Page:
The thrilling new novel from number-one New York Times best-selling author Lisa See explores the lives of a Chinese mother and her daughter who has been abandoned and adopted by an American couple.
I initially struggled with this book. I was very put off by the narrator- she's very good but could she be anymore middle America? Why on Earth didn't they get a narrator with an accent? The main character's teenage mindset and decisions were driving me batty.
But I got used to the narrator and enjoyed the switching chapters that occur later in the book and I enjoyed the ending.
In 17th-century Persia, a 14-year-old woman believes she will be married within the year. When her beloved father dies, she and her mother find themselves alone and without a dowry. With nowhere else to go, they are forced to sell the brilliant turquoise rug the young woman has woven to pay for their journey to Isfahan, where they will work as servants for her uncle, a rich rug designer in the court of the legendary Shah Abbas the Great.
I listened to this one because I recently listened to "Equal Parts of the Sun" by the same author and loved that one. This book was mostly good with some quirks I didn't appreciate:
1. I didn't love the author. She grew on me more as the book went on.
2. A large portion of this book feels like a romance novel with the sex scenes.
3. What is with the random music playing in the background? It doesn't really seem to go with what is going on the book and it doesn't matter the end of a chapter. That was strange.
The first book from Ruth Bader Ginsburg since becoming a Supreme Court Justice in 1993 - a witty, engaging, serious, and playful collection of writings and speeches from the woman who has had a powerful and enduring influence on law, women's rights, and popular culture. My Own Words is a selection of writings and speeches by Justice Ginsburg on wide-ranging topics, including gender equality, the workways of the Supreme Court, being Jewish, law and lawyers in opera, and more.
This audiobook is better than the actual book because it contains actual audio clips of RBG's speeches, her husband's speeches, and even a song or two from her opera! The narrator who explains the various clips and reads the excerpts chosen that are not in audio file is quite good as well.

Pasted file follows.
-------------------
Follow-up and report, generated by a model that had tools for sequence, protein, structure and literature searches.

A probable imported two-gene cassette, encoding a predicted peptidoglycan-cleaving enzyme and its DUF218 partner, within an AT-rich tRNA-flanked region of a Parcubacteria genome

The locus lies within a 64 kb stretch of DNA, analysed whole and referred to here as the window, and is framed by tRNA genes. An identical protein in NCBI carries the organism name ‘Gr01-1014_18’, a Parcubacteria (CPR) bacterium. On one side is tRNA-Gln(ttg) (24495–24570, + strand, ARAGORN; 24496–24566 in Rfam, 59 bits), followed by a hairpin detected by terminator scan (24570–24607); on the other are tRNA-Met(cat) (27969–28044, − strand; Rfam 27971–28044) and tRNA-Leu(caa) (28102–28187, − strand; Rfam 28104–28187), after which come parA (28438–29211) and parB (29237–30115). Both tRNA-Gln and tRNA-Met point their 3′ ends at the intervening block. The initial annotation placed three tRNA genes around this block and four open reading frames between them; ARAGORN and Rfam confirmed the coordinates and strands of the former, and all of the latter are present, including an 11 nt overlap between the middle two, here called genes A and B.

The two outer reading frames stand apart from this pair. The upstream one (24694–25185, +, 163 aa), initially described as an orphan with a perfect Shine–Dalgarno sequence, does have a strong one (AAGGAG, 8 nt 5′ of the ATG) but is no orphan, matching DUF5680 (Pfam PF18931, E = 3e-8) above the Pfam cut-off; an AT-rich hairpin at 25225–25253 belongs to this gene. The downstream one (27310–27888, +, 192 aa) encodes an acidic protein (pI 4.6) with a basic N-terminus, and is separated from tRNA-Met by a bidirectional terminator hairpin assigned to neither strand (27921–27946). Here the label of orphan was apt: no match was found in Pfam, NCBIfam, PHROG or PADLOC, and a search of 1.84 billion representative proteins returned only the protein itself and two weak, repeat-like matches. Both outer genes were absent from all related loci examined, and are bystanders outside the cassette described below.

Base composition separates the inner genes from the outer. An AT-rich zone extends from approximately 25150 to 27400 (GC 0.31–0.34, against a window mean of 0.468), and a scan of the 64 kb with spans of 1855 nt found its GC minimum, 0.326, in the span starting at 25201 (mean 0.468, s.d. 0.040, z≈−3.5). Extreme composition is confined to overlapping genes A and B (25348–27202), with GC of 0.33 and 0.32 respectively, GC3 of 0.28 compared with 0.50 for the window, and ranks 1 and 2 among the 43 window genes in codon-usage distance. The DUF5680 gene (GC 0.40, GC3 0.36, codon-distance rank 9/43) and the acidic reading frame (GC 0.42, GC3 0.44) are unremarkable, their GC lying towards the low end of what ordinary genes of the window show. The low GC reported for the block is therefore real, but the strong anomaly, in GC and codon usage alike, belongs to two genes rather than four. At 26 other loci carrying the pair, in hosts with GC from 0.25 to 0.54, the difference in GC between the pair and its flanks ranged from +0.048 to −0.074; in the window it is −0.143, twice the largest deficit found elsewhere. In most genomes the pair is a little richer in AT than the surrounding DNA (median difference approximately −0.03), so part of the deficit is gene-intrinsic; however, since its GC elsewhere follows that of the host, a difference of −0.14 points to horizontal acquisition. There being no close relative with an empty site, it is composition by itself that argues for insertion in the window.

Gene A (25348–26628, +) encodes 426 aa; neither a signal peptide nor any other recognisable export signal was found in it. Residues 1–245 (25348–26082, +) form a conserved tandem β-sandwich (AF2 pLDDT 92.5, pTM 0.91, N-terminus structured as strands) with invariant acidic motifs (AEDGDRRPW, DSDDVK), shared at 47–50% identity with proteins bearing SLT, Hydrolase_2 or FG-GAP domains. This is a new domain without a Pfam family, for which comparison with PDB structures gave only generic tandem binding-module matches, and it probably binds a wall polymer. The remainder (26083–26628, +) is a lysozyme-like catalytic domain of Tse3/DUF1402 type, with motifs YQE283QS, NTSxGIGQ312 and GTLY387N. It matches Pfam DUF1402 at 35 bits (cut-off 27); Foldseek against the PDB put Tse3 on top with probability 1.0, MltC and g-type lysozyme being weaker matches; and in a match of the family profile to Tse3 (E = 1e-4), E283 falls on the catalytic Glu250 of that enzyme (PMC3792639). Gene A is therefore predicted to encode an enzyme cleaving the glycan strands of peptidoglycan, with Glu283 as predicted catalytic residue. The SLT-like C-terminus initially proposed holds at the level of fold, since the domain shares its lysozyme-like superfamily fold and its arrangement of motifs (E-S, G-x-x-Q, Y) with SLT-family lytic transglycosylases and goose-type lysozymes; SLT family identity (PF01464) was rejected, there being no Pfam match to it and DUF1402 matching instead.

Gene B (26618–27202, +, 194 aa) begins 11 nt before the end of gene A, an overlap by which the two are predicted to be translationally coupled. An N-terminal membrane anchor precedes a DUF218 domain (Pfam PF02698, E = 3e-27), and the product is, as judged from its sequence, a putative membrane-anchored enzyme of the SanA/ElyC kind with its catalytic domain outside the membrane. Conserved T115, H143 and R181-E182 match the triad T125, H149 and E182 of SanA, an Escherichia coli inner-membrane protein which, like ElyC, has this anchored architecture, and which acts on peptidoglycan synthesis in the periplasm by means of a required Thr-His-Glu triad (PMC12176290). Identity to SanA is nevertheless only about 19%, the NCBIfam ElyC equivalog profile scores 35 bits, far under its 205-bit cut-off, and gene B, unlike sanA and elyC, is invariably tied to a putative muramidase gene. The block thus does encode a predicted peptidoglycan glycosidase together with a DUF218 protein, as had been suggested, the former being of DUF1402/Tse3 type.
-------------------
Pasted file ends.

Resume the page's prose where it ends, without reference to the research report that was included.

4 of 4 people found this review helpful
In the ruthless arena of King Henry VIII's court, only one man dares to gamble his life to win the king's favor and ascend to the heights of political powerEngland in the 1520s is a heartbeat from disaster. If the king dies without a male heir, the country could be destroyed by civil war. Henry VIII wants to annul his marriage of twenty years, and marry Anne Boleyn.
Decent story. If you're familiar with and/or have read much about Henry VIII's story, then this book is nothing new.
The narrator's normal voice is good. But his voices for characters all sound very haughty... which happens to work for some characters but not all. That got a bit old.
Now at last Keith Richards pauses to tell his story in the most anticipated autobiography in decades. And what a story! Listening obsessively to Chuck Berry and Muddy Waters records in a coldwater flat with Mick Jagger and Brian Jones, building a sound and a band out of music they loved. Finding fame and success as a bad-boy band, only to find themselves challenged by authorities everywhere....
The multiple narrators in this book got on my nerves. Johnny Depp narrates the first few chapters which was lovely. Then there is a very abrupt switch to someone else that I didn't like as much. Johnny Depp comes back for a chapter or two and then hands it over to Keith Richards who uses yet another person to read quotes.
The story itself is intrinsically interesting because it's Keith Richards from the Rolling Stones. They did some crazy stuff and learning the story behind songs and the big fight is really neat. There are sections where he rambles and it got a bit old.
The Newest Oprah Book Club 2016 Selection. Cora is a slave on a cotton plantation in Georgia. Life is hell for all the slaves but especially bad for Cora; an outcast even among her fellow Africans, she is coming into womanhood - where even greater pain awaits. When Caesar, a recent arrival from Virginia, tells her about the Underground Railroad, they decide to take a terrifying risk and escape. Matters do not go as planned - Cora kills a young white boy who tries to capture her. Though they manage to find a station and head north, they are being hunted.
This narrator is fantastic- hey voices and accents for each character are distinctive and so well done. The story is quite good and will break your heart several times over.
0 of 1 people found this review helpful
After a violent coup in the United States overthrows the Constitution and ushers in a new government regime, the Republic of Gilead imposes subservient roles on all women. Offred, now a Handmaid tasked with the singular role of procreation in the childless household of the enigmatic Commander and his bitter wife, can remember a time when she lived with her husband and daughter and had a job, before she lost everything, even her own name.
This book is fantastic. Claire Danes is great. The special edition isn't very special- they added a bit of music before the chapters and a discussion and essay at the end.
61 of 74 people found this review helpful